The complaints process
This page outlines the REA's complaints process.
If we receive a complaint about your conduct
Resolving concerns before they become complaints
If we receive a call from a person who is concerned about your conduct, we’ll encourage the caller to contact you or your manager first to discuss their concerns.
If appropriate, we might call you or your manager directly with information about the caller’s concerns to give you the opportunity to resolve them.
Receiving a formal complaint
If someone isn’t able to resolve their concerns with you, they might choose to make a formal written complaint to REA.
When REA receives a complaint, we first call the person who made the complaint (the complainant) to confirm we’ve understood what the complaint is about. We’ll also give them information about what behaviour they can reasonably expect from licensees.
The initial complaint assessment
The complaint is then considered by the Registrar. We will consider:
- whether there are any alleged breaches of the Real Estate Agents Act (2008) or Rules, and what the impact of any breach has been
- whether we've looked at the complaint before, and whether the complaint is a correct use of the REA complaint process
- whether the complaint would be better managed by another organisation.
If the Registrar considers that the complaint falls into any of those categories, both you and the complainant will receive a written decision saying REA will not continue with the complaint. This decision cannot be appealed to the Real Estate Agents Disciplinary Tribunal (the Tribunal).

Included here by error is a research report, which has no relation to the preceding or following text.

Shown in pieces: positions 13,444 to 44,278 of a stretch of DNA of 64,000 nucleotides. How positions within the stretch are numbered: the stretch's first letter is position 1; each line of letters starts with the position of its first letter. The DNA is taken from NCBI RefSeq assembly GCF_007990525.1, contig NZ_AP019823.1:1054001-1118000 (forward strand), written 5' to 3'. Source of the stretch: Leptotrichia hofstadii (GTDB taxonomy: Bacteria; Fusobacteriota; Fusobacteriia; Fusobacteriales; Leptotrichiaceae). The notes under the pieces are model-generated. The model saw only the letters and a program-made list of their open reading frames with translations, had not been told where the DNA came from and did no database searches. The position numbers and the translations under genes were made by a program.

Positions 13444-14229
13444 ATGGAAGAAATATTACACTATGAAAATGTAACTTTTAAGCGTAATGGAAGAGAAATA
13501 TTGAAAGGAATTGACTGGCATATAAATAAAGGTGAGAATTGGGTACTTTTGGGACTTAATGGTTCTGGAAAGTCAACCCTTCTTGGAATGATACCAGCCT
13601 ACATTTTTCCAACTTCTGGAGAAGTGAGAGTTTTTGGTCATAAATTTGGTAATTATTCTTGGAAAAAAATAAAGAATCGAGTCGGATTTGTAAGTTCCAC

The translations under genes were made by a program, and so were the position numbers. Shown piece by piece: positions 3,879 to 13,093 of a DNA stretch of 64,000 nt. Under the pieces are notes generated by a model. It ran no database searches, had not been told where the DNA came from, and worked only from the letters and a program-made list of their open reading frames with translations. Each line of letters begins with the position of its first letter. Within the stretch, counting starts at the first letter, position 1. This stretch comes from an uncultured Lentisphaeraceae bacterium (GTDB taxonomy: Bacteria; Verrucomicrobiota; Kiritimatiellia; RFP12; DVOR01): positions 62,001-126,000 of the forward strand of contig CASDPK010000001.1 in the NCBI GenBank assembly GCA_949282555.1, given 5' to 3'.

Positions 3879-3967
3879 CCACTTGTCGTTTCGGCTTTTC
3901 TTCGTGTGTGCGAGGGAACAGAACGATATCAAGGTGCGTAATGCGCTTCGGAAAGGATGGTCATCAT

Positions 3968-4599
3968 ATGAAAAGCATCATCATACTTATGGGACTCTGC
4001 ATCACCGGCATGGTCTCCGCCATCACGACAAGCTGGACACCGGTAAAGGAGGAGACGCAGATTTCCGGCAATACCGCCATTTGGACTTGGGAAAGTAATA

REA will refer the complaint to another agency if the Registrar considers that the complaint would be better managed by that agency. For example, a complaint made by a tenant about a property manager not lodging a bond might be referred to Tenancy Services.
Hearing your perspective
If we receive a complaint, a facilitator from REA’s early resolution team will contact you and your manager. The facilitator will explain what the complaint is about and hear your perspective about what happened. The facilitator is a neutral party in the complaint process.
If the conduct alleged in the complaint sounds like a serious breach of the rules, the facilitator might ask you for some information to help decide whether the complaint should be referred to a Complaints Assessment Committee (CAC). You don’t have to provide this information if you don’t want to, but it can help answer key questions and may mean the complaint is referred to an early resolution process instead of the CAC process.